Philanthropy is not one of my usual research interests, but becoming a part of PhiLab has given me the opportunity to consider intersections between philanthropy, my own background in political science – specifically evidence-based policy making (EBPM) and policy evaluation – and my personal interest in effective altruism (EA), which essentially means evidence-based philanthropy. This article discusses and compares EBPM, policy evaluation, and EA. It concludes by considering some important implications for the philanthropic sector in Atlantic Canada.
EBPM suggests that policy decisions should give consideration to the best evidence available, rather than using evidence selectively – or not at all – to support an ideological position; it is the opposite of opinion-based policy making (Davies 2004). Exactly what counts as evidence, and exactly how central its role should be, are matters of debate. Conceptualizations of EBPM run across a spectrum from tight EBPM – which privileges peer-reviewed academic research – to loose EBPM – which also considers stakeholder accounts, professional experience, public opinion, political know-how, and other inputs (Richards, 2017). Critiques caution that misuse or overuse of such definitions can suppress legitimate sources of information (Laforest and Orsini, 2005). We should also be wary of broad claims that a certain policy or system is evidence-based, which can ironically quash debate and mask processes ultimately rooted in a particular ideology or perpetuating a certain privilege (Packwood, 2002). Due to this debate, many scholars and practitioners are more comfortable with terms like evidence-influenced, evidence-informed, or evidence-aware policy making (e.g. Nutley, 2003; Julnes, 2007).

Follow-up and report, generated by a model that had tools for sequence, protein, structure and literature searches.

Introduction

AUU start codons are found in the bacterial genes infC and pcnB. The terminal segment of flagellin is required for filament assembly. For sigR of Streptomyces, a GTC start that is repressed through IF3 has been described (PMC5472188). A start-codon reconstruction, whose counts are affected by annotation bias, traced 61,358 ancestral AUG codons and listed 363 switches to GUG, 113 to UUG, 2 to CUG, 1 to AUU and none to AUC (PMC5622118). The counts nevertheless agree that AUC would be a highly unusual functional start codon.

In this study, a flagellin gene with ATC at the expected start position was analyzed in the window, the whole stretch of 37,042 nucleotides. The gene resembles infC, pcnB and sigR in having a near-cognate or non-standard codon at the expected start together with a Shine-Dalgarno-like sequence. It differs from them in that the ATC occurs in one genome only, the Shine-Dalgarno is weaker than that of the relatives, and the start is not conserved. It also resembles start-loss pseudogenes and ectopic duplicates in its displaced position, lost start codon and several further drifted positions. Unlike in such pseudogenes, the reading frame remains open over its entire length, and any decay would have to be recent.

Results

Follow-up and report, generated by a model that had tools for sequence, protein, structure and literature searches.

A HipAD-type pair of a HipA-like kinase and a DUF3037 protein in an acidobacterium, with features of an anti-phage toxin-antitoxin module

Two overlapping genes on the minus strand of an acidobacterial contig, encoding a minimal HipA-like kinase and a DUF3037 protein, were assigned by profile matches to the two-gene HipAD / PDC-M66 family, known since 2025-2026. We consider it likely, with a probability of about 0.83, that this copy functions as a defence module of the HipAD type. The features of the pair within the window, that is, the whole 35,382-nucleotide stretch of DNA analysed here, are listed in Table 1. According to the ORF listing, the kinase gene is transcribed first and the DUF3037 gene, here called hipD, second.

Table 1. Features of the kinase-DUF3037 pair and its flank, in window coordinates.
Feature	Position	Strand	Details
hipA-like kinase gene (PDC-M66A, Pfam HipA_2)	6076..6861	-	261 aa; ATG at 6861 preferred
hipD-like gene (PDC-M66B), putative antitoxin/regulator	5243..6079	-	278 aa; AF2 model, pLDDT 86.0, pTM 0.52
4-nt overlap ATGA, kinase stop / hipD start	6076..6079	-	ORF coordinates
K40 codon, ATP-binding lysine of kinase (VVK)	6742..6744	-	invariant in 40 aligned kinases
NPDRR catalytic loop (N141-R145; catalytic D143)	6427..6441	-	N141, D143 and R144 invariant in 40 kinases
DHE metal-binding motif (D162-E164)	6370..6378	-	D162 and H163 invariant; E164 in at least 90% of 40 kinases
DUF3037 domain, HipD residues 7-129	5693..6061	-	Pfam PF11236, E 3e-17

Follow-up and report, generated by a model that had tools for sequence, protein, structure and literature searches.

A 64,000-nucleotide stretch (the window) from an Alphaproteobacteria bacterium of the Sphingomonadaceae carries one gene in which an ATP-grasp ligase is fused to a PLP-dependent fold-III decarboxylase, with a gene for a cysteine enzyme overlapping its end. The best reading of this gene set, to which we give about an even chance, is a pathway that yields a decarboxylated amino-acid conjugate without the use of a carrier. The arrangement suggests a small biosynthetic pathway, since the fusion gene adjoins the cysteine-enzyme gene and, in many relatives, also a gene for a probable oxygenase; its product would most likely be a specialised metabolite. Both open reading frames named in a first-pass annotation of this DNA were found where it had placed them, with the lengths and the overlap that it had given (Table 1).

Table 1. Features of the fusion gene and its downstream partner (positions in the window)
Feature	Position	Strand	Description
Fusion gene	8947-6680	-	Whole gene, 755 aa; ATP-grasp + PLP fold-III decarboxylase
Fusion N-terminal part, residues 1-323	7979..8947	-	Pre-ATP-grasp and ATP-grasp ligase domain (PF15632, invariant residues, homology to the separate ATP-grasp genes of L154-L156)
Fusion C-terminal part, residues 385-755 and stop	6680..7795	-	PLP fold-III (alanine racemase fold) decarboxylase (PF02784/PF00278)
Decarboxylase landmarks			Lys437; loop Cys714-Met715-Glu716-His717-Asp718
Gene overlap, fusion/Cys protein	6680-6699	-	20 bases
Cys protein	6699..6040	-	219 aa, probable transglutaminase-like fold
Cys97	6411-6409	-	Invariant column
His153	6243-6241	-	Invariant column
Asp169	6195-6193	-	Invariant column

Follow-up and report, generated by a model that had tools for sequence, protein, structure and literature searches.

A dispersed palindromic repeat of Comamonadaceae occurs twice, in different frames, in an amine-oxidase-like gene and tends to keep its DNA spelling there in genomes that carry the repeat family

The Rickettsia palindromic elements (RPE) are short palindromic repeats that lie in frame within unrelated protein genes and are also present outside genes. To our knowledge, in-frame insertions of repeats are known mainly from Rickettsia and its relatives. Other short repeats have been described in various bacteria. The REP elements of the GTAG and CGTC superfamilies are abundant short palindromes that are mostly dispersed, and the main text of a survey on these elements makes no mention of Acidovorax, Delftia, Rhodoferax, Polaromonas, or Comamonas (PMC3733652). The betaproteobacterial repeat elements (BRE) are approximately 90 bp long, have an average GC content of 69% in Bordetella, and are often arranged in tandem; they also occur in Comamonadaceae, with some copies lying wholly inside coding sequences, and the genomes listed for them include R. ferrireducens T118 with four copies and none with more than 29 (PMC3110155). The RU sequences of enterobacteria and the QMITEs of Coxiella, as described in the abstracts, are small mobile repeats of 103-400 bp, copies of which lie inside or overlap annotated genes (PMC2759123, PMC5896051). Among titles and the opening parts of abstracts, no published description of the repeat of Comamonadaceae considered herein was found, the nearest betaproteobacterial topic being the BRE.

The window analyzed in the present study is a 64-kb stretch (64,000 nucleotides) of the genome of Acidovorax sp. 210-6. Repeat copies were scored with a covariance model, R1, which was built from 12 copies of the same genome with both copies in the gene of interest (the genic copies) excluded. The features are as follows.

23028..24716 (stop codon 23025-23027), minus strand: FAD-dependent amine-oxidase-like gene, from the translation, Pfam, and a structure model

Policy evaluation is a type of practical and applied policy analysis to determine the impact and effectiveness of a given policy (Lacroix and Richards, 2015), which naturally can contribute to EBPM. It typically involves measuring the effects of a given policy and comparing them to the policy’s overall goals (Pal, 1989). Policy evaluation can also ask whether an alternative would have better met the goals, whether the goals themselves are relevant to the problem at hand, or whether there are some unintended effects worth considering (Howlett, Perl, and Ramesh, 2009). In summary, it can consider criteria of effectiveness, efficiency, and/or equity (Lacroix and Richards 2015). Policy evaluation can be conducted by scholars, think tanks, non-government organizations, or interest groups, but is most typically performed internally by governments themselves; it comprises the last of five theoretical stages in the typical policy making process – i.e. agenda setting, formulation, decision making, implementation, and evaluation (Howlett et al. 2009). Like EBPM, it also runs the risk of overly technical and rigid application, which may counterproductively disempower the relevant communities (Ife, 2016).